Reach Out Now to Secure Donors for the Future
The good news, Goldseker says, is that the younger generation hasn’t lost interest in charities.
“They lived through Columbine, the tsunami, 9/11. They care; they just have a [different] way they do it,” she says, explaining by way of an example that younger donors used social-networking site Facebook Causes to contribute to recent disasters.
“The power of their $5 or $1 [gifts] generated millions of dollars,” Goldseker says. “It’s different than a major gift.”
Here, Solomon offers some tips for reaching out to younger generations.
1. Invite young adults onto your boards and staff. “Many nonprofits don’t bring young adults into key positions,” Solomon says. “Boards tend not to be diverse. Age diversity is pretty significant. It gets the younger generation involved in your cause.”
2. Young people don’t want to just write checks. Generations X and Y aren’t ready to hand out their cash without knowing exactly what an organization does, how it does it and how their money will be put to use.
“Get them involved, and let them see and fully understand the impact of their contributions,” he says. “They’ve grown up in the information age and have a great mistrust of institutions. Let them get to know you.”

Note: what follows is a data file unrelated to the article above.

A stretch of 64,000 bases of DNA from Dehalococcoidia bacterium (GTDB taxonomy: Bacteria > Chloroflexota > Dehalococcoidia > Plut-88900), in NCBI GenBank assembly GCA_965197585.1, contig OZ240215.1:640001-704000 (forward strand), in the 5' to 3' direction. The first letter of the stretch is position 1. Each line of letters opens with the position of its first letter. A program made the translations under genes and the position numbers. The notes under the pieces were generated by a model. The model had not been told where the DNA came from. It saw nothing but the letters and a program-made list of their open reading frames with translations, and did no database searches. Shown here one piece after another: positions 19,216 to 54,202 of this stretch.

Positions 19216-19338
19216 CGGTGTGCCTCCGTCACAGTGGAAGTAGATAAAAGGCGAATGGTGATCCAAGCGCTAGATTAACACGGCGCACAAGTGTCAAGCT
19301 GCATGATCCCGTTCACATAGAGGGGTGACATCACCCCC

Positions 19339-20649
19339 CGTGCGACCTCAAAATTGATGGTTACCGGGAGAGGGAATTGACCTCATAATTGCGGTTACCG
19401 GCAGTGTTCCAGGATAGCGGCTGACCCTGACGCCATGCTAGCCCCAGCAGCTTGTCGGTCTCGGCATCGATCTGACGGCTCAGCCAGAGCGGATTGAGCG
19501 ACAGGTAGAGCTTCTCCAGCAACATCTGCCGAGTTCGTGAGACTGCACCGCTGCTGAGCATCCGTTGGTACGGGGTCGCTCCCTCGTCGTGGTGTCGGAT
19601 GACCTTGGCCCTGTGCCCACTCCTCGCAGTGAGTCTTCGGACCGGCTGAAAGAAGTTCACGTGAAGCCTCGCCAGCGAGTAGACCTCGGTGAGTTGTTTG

3. Be genuine. “Authenticity counts with this generation,” Solomon says. “We call it ‘the comb over’ when an organization tries to make itself look younger or hipper without really doing anything else. It’s got to be authentic.”
4. Ask them how they want to be involved. Solomon says organizations should find out what types of projects younger folks are interested in. “So many organizations don’t do that,” he says.
5. Pay attention to the older folks who are donating now, but pay at least as much — if not more — attention to the next generation of givers. “The smarter organizations will invest more time creating connections to the younger generation,” Solomon says. “Returns on those investments may not be seen for years, but you’re building your base for tomorrow.”